Located on a seaside reef in modern day West Riffa, the Riffa Fort is a much of a relic of the past. Today, the fort is a complex of silent walls and silent guns overlooking a coast for an enemy that may never arrive.
Built in the 1600’s, the fort was commissioned by the Persian Safavid Empire ruling from Iran. It was designed to be a stronghold against enemies that may invade Bahrain. Today, the fort is known as Sh. Salman bin Ahmed Fort. It is an architectural marvel and tourist location that showcases the relics of the past that very much shaped the culture and politics of the small island state of today.
The fort complex exhibits the architectural theory and style of a time that has come to pass when enemies would come by ship and the loud thuds of cannon fire were all that were needed to end the fray. The imposing structure was designed as a defensive position and the front line to any invading force. As the spearhead of the defense, it was also the only fortified structure that troops could garrison in when the battle wore too long.
In 1812, the fort was converted into a semi-residential structure that would still act as a stronghold whilst being the seat of power for the sultan. The man who commissioned this was Sh. Salman Bin Ahmed Khalifa, for whom the fort is now named after today. This was a move to centralize power in the region into an area that can be easily defended with good quarters for bureaucratic residents. In fact, until 1869, Riffa was the capital of Bahrain. Until the present day, the same region is where the shakers and the makers of the city take up residence in the island nation. West Riffa is still a residential area that caters to the rich and the affluent upper class of Bahraini including the ruling family, the prime minister, various foreign dignitaries and major investors.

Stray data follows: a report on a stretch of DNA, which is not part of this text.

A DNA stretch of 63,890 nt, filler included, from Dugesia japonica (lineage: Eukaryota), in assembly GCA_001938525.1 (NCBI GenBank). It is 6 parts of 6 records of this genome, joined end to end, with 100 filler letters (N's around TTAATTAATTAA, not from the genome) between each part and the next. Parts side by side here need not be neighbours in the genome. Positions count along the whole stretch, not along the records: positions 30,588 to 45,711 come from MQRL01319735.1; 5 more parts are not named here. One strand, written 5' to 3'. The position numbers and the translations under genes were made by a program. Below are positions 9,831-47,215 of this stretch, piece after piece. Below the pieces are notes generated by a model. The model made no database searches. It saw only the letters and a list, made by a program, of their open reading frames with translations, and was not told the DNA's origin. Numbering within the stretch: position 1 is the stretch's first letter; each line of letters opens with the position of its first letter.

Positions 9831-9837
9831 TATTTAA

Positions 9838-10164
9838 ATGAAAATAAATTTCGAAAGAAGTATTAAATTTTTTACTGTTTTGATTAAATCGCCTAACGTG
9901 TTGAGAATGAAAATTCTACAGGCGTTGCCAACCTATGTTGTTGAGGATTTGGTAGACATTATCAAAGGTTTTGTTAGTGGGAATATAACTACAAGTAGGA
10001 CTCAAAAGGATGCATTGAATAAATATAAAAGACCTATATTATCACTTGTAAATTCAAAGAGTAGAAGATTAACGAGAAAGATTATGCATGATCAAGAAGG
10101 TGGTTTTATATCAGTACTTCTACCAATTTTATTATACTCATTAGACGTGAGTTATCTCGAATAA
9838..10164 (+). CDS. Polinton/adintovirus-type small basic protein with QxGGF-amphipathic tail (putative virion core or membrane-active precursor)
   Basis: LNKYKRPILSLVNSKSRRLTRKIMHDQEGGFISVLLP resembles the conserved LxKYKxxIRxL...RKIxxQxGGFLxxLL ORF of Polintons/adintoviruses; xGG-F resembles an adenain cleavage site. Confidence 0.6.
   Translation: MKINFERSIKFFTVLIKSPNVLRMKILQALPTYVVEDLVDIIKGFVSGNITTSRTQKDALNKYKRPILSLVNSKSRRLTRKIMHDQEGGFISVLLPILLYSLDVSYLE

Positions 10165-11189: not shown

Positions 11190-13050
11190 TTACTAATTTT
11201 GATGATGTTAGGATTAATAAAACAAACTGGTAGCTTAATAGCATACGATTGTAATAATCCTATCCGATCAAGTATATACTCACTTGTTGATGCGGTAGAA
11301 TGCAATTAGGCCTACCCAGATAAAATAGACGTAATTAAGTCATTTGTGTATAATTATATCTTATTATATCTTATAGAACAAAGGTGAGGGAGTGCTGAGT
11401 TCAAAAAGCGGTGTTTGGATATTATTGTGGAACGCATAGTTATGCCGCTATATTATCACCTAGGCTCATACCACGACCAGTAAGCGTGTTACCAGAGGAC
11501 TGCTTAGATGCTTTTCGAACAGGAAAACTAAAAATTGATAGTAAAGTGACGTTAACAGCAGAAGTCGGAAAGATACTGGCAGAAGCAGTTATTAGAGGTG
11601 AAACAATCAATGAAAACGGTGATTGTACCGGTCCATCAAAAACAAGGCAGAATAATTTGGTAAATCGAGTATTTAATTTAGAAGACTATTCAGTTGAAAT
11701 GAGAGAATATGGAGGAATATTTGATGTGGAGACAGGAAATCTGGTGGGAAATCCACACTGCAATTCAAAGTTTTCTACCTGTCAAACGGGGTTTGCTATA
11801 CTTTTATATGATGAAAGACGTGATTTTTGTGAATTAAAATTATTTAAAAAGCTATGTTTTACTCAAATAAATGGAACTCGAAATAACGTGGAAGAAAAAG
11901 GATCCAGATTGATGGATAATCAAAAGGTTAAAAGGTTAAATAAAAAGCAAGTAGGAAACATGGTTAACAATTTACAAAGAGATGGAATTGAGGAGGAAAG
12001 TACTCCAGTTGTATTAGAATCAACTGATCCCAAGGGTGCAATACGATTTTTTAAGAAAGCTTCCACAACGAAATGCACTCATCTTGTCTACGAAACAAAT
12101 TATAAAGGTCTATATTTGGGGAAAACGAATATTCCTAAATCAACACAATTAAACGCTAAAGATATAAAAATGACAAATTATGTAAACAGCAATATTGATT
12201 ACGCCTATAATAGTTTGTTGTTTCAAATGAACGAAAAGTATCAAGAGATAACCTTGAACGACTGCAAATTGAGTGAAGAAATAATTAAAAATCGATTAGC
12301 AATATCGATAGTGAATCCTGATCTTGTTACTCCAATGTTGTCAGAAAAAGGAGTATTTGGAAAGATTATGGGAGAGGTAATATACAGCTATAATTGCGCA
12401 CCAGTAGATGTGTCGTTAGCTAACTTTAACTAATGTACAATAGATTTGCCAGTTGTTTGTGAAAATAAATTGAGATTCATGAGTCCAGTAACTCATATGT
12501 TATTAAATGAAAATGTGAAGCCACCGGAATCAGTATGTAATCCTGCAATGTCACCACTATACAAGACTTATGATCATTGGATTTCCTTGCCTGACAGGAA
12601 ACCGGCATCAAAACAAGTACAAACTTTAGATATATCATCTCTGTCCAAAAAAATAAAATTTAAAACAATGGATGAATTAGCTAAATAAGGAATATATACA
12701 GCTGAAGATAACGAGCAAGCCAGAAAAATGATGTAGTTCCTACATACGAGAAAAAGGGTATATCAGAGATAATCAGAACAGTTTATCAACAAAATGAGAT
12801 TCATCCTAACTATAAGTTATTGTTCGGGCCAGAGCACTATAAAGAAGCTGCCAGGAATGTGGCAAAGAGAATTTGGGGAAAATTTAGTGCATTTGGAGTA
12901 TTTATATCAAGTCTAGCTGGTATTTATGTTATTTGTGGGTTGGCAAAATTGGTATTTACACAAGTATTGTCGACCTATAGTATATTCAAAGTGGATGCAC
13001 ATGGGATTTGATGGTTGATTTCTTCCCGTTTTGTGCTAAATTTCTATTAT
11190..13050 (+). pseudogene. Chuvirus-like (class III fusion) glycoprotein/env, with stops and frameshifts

The fort itself consists of three rectangular chambers elaborately designed with each having an independent court. The first court is accessed by a staircase with a building erected during the 1800’s. The second court is connected by a path that leads to the outside of the fort into two identical spaces. The last court then connects many small chambers to the southern façade. Other architectural elements include a circular garrison inside the chambers, a mosque and a well. Having the fortress near the sea makes it perfectly situated for one of the most ingenious architectural elements of Persian and Arabic design, the wind tower. A wind tower is designed to regulate the temperature inside the structure by circulating air via air currents supplied by the wind. The fortress’ interior was regulated with this structure as it kept it comfortable and livable even during the harsh heat of the summer sun. The Riffa fort is truly an architectural marvel that any visitor of Bahrain should consider visiting when vacationing in this culturally-rich island nation.